March 28, 2023

Reilly has Eye on horse to follow in 2019

Almond Eye shown winning the 2018 Japan Cup (Copyright Japan Racing Association)

Although racing fans have no shortage of up-and-comers and established stars to look forward to next season, one in particular has taken my eye – ALMOND EYE. The Japanese sensation already brings a portfolio of historic stature, yet with the added allure of potential still untapped. Could she be the one to give Japan the long-coveted Prix de l’Arc de Triomphe (G1) trophy?

Not to press the comparison too far, Almond Eye nevertheless has elements in common with the two most celebrated distaffers in training, Australian wonder Winx and European standout Enable. Almond Eye’s explosive kick across the distance spectrum, from a metric mile up to about 1 1/2 miles, is reminiscent of Winx’s impressive range. In a rough parallel to Enable’s three-year-old campaign, Almond Eye dominated the fillies’ classics before defeating older males in her region’s premier fall championship.

Also like both Winx and Enable, Almond Eye was bred to improve with maturity, and accordingly had limited exposure at two. The daughter of Lord Kanaloa rallied from far back to take second in a Niigata newcomers’ race last summer, and with that experience under her belt, she hasn’t lost since.

If her six-race winning streak doesn’t match Enable’s nine, never mind Winx’s 29, it’s respectable enough to feature the Japanese Fillies’ Triple Crown and the Japan Cup (G1) in record time. She wasn’t the first to accomplish that sequence, rather following the trail blazed by Gentildonna (2012). But I’d argue that Almond Eye has a panache that the gritty street-fighter Gentildonna didn’t.

And it’s precisely her flair – or arrogance – that suggests Almond Eye is capable of imposing herself on the world stage.

Watch how she inhales the Oka Sho (Japanese 1000 Guineas) (G1) field in a stakes-record 1:33.1 for Hanshin’s metric mile; how coolly confident jockey Christophe Lemaire was once again in the Yushun Himba (Japanese Oaks) (G1) in 2:23.8, the second-fastest time in race history; and how she fired off the five-month break to complete the sweep in the Shuka Sho (G1).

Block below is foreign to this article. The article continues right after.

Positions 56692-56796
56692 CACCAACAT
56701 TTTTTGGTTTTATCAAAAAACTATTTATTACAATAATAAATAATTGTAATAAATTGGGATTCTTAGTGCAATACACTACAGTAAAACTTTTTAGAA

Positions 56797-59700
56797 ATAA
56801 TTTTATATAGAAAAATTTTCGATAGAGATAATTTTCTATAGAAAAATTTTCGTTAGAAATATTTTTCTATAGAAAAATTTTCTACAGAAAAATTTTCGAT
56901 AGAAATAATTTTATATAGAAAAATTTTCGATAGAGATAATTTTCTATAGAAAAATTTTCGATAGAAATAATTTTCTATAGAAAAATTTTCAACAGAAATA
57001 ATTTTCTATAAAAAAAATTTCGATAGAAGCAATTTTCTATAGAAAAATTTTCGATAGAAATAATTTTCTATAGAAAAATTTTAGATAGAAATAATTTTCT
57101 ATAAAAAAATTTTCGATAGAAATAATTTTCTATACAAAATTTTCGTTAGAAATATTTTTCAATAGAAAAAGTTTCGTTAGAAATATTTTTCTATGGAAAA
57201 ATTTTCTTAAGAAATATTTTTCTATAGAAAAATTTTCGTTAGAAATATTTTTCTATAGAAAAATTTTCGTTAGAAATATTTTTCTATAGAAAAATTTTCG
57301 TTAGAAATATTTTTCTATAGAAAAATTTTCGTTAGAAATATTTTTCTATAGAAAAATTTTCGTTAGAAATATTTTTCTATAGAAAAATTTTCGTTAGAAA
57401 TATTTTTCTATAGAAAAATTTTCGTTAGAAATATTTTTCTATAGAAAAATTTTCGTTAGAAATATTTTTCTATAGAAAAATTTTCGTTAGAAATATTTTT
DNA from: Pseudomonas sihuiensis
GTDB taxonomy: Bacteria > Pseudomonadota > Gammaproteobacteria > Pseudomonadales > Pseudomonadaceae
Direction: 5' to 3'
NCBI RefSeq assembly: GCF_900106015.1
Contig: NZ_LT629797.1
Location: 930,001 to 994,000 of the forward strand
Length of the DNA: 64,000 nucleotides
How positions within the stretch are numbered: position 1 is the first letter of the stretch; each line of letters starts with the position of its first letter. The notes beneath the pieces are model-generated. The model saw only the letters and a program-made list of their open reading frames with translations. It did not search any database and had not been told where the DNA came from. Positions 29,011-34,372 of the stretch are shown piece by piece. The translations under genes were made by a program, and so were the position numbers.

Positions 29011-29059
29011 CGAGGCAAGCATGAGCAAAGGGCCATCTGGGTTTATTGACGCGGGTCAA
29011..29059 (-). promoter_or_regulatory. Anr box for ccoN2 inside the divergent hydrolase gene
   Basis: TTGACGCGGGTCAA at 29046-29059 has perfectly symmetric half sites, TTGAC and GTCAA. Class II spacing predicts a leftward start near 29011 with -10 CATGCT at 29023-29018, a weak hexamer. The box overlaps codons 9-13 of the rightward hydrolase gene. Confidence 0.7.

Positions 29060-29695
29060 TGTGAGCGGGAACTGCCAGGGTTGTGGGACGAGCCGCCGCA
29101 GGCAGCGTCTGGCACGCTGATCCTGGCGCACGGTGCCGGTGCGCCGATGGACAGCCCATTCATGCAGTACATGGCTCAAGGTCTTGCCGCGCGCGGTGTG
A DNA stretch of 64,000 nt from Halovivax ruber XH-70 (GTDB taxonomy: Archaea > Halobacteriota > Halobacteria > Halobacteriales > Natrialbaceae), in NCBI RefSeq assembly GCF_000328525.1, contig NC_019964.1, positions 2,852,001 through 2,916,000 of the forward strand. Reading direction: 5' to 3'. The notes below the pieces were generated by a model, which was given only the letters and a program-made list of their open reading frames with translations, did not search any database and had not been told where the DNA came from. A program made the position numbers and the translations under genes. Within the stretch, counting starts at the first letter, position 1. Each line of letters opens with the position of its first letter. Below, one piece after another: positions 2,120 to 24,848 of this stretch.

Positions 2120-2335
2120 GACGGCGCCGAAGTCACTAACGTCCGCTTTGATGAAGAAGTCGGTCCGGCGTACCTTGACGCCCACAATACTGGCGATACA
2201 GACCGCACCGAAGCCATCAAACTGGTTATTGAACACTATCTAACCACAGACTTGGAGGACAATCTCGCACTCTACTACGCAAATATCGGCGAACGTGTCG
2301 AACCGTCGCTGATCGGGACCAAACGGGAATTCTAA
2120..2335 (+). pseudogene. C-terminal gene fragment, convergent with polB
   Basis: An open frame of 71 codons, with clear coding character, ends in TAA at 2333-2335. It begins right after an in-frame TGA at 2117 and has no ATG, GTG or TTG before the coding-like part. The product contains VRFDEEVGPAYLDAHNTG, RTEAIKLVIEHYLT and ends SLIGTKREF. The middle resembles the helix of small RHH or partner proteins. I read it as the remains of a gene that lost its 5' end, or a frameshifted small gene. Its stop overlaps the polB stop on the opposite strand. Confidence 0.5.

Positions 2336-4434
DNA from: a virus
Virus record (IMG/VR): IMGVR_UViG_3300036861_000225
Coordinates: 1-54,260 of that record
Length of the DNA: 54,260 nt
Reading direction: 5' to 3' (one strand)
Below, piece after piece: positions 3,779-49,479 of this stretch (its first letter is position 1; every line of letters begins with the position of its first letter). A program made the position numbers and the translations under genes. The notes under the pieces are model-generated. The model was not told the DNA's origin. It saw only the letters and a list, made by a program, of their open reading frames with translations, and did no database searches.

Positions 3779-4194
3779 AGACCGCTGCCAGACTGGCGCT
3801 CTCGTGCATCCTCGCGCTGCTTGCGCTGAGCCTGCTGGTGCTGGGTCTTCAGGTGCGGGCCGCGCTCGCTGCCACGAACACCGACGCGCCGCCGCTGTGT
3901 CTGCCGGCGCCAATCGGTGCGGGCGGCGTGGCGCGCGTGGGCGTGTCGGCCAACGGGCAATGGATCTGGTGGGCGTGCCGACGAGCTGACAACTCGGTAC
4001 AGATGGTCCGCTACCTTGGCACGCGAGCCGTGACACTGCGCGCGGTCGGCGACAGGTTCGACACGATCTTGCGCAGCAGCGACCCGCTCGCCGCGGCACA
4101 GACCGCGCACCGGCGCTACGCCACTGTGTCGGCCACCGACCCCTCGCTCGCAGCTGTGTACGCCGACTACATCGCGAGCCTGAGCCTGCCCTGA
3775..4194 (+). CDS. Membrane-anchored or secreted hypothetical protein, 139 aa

Throughout the Triple Tiara, Almond Eye clocked blistering splits for her last three furlongs (:33.2 in the Guineas and Oaks and :33.6 in the Shuka Sho).

That’s why she was bet down to 2-5 favoritism in her first attempt versus elders in the Japan Cup. Showing a new tactical dimension to stalk the leader, Almond Eye was almost mocking Kiseki as she breezed alongside and drove clear in a record 2400-meter time of 2:20.6. Granted, the course was playing lightning-fast, but the fact that she was taken out of her normal style, and proved the only one able to go Kiseki’s pace, underscores her quality.

The tantalizing question going into 2019 is whether Almond Eye’s high level of form at home will translate abroad. She is expected to get her first taste of international travel for Dubai World Cup night, her target either the Dubai Turf (G1) or Sheema Classic (G1).

A European tour of duty for the Arc would furnish the stiffest test, including the possibility of softer going than she’s ever encountered in Japan. She handled her lone race on less-than-firm turf, a Grade 3 classic trial over males last January, in her typically impressive fashion, but “good” ground at Kyoto isn’t exactly a barometer for European soft.

Ideally the ground won’t be the determining factor come Arc Day 2019 at ParisLongchamp. Here’s to an epic clash between Enable seeking an unprecedented three-peat, this year’s hard-luck runner-up Sea of Class, and Almond Eye carrying the hopes of a nation.